I often share my books with doctors, people in stores, friends, strangers, and anyone struggling on this journey. No one should have to fight this disease alone with no help or support. I also often find support groups and church groups to speak to and to help with the many facets of this. God Bless them.

I receive feedback from Amazon, social media, and friends who have purchased the book and come back to buy more. Sometimes I give presentations at assisted living centers and support groups and people come up to ask questions and purchase the book.

Connect with Claudia Koudele:

Instagram: Alzcaregivers

Monday, May 15, 2017

Sweep Me Away with Sweet Contemporary Romance Giveaway and Raffle!

I recently discovered something called subscriber magnets from My Book Cave and thought I'd give them a try. This is way for me to partner with other authors to share our books and find new readers. The bonus for readers is discovering new authors and books and a chance to win some great prizes.

This week's promotion, Sweep Me Away with Sweet Contemporary Romance, offers several great reads in a variety of romance genres. Some are samplings while others are free ebooks in their entirety. I added a sample of Blue Hydrangeas to the mix because so many people tell me it's  a true love story. 

One lucky reader will win a $50 gift card from our Amazon, iTunes, or Barnes and Noble raffle. To  enter the raffle and discover new books for your summer reading, follow this link.

Happy Reading!

Wednesday, May 10, 2017

AlzAuthors: Karen Kaplan's Sci-Fi Dementia Novel

By Karen B. Kaplan

Perhaps it is not often that you come across science fiction that is (1) gentle and not full of weapons and nasty robots, and (2) includes a character who is one of the first with dementia to get cured of the disease. There are so many other aspects of reality to ponder, such as how robots might help or hinder grievers, it is a wonder that science fiction writers have not provided more material on such things. (Have you ever noticed that the Star Trek crew does not include a spiritual counselor?) As a healthcare chaplain, I have been curious about what it might be like to be cured of Alzheimer’s or other forms of dementia. Virginia Boyden, financial planner of the main characters, is one of those first lucky persons to be a “dementia returnee.” Virginia shares what it was like to get dementia, as well as what happened on the return trip. A temporary detour to complete health does arise, but Virginia figures out how to handle it.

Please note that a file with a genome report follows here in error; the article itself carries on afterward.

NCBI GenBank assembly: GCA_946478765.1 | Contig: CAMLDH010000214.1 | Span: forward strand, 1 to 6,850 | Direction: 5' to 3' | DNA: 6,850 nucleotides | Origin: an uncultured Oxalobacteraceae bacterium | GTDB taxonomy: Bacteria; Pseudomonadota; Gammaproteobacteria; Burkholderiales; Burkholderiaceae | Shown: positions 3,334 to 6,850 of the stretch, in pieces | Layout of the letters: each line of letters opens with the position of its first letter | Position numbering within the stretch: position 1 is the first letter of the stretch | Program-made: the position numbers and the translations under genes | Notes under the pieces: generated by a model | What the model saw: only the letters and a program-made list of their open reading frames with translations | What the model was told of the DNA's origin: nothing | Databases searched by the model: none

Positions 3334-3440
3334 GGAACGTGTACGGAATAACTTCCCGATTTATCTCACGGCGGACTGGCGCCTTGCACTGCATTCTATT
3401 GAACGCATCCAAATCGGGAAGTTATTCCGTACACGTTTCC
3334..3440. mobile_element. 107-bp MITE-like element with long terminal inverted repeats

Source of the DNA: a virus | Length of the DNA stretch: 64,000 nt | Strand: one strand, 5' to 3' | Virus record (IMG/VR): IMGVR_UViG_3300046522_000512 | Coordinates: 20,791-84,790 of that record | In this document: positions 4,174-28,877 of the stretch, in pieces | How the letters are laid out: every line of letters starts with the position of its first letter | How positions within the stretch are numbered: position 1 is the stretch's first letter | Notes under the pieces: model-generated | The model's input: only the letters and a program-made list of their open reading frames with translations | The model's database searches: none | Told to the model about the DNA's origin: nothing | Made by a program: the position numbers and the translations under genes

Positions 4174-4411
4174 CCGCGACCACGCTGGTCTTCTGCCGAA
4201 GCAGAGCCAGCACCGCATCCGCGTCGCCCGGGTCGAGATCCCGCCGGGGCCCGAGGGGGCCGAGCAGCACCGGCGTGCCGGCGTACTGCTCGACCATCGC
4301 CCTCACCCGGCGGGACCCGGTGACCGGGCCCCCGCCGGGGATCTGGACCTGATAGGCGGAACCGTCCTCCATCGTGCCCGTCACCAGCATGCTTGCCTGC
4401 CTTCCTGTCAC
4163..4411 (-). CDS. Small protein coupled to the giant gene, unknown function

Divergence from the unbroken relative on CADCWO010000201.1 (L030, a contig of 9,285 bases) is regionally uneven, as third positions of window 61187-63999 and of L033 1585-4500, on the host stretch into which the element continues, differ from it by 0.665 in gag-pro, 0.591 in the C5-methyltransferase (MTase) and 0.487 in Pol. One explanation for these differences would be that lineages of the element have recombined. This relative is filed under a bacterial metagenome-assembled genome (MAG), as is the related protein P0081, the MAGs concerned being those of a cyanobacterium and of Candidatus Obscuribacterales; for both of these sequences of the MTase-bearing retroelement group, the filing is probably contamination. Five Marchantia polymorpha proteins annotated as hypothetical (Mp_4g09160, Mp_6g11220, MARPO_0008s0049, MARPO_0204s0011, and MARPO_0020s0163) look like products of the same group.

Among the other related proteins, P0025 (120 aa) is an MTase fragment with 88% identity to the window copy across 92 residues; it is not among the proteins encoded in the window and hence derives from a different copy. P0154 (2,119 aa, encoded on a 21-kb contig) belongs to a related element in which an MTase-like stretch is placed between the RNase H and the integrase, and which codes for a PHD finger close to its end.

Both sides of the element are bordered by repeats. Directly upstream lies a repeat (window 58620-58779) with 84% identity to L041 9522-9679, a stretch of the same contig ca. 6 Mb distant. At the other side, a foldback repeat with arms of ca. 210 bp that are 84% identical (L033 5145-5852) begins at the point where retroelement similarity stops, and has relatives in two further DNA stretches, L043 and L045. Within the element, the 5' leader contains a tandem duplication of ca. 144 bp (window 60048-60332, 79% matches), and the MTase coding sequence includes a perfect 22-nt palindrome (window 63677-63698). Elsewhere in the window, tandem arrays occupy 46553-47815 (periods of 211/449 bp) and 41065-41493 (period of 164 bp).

Perhaps reading about dementia in upbeat fantasy might help us indulge in the comfort and hope that such fantasy can provide. It offers a different perspective, especially when the main characters Gomer and Muriel Ackerman try to grapple first with their financial planner’s decline, and then the issues that arise as she recovers. Here is an excerpt:

Wednesday, May 3, 2017

AlzAuthors: Rebecca Thesman - How a Long-Distance Caregiver Learns to Cope

By RJ Thesman 

When the memory thief first visited our family, we didn’t think much about it. Mom was, after all, fully capable of caring for herself and she was in good health.

But gradually, ever so subtly, the memory thief began to take from her the basics of life: where she stored her pots and pans, how to read a recipe and produce the finished product, how to find her way home from the grocery store.

The resulting prognosis surprised and challenged us. Alzheimer’s Disease plus an inoperable brain tumor – no cure, no solutions. Mom could no longer stay in her home.

My siblings and I worked together, hoping for an easy transition, but Mom has always been an independent, stubborn woman. It was the doctor who had to be the bad guy as we took away her car keys, “The doctor says you can no longer drive,” then, as we found a beautiful assisted living facility, “The doctor says you cannot live alone.”